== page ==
First, I found that with a little adaption, the techniques I had learned on the dumbek worked really well for accompanying the other performers at the open mike, underscoring and enhancing what they were playing with their guitars. Over the next several months, I got plenty of practice playing for dozens of different songwriters. Before long, I started getting asked to play for their paying gigs. Just like that, I had a whole new career. The second thing that happened was that I met my future co-writer, traveling companion, and, eventually, husband, Charles Nolan. But more of that later.
The story starts getting crowded just about now. Over a series of trips to Philadelphia with Manny Krevat, I started jamming with a hot local group who specialized in rowdy, floor-stomping Celtic music. Next thing you know, I was learning the bodhran and playing with So's Your Mom every chance I got. At the same time, three friends I had met at the open mike and I started accompanying each other with instruments and harmony when we did our own songs. A few rehearsals and some very exciting chemistry later, CC Railroad was born. For the next four years, Ryder Daniels, Rich Boniface, Carolann Solebello and I became the living proof of the old line about the whole being greater than the sum of the parts. CC Railroad went on to play all over New York and up and down the East Coast, record two CDs and, yes, add a whole lot of miles to my total.
As if that wasn't enough, my day gig during my last year in New York was working as a sound engineer at Euphoria Studios in Manhattan. I was setting up and doing sound for the likes of Herbie Hancock, Felicia Collins from The David Letterman Band, Suzanne Vega and Dar Williams. It was there that I met a band called Whiskey Run, a bunch of Brooklyn boys doing good ol' down and dirty Texas rock. I sat in a few times when their drummer couldn't make it and the next thing I knew, I was asked to be a full member of the band (yes, for those keeping score, I was working with three bands at once). We had a good run until the untimely death of our beloved leader, Bruce Lazear.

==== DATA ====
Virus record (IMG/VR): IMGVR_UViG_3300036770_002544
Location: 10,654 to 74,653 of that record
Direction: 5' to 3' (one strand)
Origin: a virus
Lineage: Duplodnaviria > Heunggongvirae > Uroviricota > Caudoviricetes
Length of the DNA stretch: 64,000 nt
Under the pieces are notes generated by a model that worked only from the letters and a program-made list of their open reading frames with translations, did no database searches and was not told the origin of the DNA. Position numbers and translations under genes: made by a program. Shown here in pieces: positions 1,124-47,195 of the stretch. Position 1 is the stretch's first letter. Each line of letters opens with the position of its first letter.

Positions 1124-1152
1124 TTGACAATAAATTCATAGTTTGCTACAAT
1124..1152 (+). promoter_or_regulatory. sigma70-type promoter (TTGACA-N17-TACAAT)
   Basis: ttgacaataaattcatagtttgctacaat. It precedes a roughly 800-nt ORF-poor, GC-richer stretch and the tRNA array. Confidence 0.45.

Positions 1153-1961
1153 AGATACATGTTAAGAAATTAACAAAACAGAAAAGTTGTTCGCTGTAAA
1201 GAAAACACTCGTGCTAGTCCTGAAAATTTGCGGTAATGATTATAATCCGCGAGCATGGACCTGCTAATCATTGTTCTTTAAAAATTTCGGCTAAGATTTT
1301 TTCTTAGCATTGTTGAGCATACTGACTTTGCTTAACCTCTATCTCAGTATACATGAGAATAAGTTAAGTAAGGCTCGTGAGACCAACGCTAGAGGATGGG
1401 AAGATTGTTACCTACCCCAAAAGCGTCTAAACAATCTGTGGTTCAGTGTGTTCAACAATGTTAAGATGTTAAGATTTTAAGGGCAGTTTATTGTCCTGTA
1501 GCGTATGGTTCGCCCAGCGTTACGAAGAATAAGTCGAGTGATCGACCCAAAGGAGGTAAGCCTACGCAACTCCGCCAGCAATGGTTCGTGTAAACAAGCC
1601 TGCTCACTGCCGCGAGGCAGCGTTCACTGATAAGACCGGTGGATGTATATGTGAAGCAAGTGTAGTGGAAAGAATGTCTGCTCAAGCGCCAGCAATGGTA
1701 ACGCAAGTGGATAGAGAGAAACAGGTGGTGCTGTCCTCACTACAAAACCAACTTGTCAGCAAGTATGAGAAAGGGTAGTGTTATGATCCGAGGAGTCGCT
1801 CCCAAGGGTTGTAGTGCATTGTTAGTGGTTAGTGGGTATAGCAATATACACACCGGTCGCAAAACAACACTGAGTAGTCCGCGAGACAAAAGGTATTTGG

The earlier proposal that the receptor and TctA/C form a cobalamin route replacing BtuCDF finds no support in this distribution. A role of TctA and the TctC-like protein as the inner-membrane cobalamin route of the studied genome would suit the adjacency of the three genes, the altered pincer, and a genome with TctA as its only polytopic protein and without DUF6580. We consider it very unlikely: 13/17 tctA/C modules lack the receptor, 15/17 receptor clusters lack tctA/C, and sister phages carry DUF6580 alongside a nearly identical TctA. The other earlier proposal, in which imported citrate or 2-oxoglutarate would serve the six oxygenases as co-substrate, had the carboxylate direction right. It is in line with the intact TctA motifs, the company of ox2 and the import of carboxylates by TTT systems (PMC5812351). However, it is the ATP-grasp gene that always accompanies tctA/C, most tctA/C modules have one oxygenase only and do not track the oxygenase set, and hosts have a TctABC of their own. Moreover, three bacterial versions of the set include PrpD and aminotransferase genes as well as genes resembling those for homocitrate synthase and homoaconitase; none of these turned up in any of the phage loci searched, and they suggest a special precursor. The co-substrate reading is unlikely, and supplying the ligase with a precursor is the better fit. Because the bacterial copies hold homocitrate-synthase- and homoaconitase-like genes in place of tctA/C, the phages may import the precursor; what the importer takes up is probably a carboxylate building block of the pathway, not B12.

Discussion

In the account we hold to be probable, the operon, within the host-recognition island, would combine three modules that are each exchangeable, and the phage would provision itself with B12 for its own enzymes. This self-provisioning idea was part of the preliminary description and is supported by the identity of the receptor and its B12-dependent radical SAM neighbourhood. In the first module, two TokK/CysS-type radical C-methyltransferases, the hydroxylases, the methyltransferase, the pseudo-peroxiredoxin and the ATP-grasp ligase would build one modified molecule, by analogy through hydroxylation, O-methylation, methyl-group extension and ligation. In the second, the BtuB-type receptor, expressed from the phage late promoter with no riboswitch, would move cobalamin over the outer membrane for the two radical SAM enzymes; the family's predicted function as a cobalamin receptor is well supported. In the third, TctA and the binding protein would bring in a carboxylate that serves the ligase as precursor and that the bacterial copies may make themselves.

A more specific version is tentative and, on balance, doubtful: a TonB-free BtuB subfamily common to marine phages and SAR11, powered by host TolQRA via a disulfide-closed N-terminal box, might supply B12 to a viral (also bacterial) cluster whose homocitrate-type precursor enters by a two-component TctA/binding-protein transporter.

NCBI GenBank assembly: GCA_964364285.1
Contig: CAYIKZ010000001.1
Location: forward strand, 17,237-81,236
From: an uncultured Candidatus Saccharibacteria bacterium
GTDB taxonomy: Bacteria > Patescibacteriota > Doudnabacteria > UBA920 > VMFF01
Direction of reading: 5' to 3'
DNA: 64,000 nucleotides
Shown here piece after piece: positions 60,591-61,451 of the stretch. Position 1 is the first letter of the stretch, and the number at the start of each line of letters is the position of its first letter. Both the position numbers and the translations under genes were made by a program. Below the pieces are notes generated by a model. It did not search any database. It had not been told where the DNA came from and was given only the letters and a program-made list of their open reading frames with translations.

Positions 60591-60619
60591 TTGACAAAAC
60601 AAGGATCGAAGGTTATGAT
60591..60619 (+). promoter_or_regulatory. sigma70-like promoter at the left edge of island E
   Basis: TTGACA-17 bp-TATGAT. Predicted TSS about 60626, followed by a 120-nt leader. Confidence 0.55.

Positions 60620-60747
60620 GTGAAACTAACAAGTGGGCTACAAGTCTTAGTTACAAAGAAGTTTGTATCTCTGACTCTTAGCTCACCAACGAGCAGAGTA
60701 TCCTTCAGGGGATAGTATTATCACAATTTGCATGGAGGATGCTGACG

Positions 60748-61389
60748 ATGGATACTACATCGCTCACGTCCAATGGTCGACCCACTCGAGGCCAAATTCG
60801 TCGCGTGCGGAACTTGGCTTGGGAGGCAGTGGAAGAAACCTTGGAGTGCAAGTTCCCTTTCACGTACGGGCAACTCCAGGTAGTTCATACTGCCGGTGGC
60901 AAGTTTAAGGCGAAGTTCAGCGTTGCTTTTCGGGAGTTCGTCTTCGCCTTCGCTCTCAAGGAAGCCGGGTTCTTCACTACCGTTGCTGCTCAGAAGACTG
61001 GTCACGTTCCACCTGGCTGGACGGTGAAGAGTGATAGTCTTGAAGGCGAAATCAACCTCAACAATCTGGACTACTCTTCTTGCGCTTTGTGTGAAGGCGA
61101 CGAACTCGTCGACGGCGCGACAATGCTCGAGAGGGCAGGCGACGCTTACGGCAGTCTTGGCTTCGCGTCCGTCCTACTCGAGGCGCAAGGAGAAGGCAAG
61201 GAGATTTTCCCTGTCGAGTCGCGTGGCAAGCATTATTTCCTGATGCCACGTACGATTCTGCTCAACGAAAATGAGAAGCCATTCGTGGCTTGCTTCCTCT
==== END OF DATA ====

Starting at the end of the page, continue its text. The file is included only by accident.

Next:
Next stop: Philadelphia
In late 2003, Charles, with whom I had co-written many of the songs I did with CC Railroad, took a new job in Philadelphia. Just about that time, the now legendary Full Frontal Folk was picking up steam. In no time at all, I was drafted as their full time drummer and spent the next two years helping them show the world that folk music could be fun and even (should we say it? we should!)...sexy.
And that brings us up to the present. There have been some real stand-out moments for me: the Moscow trip, for sure, accompanying Tracy Grammer on the main stage at Falcon Ridge, jamming with Peter Yarrow at Folk Alliance Conference, the first time CC Railroad played the Bitter End (something I'd promised myself when I was six). But the best part of it all is getting to do what I love to do, and playing with other musicians who love it just as much as I do.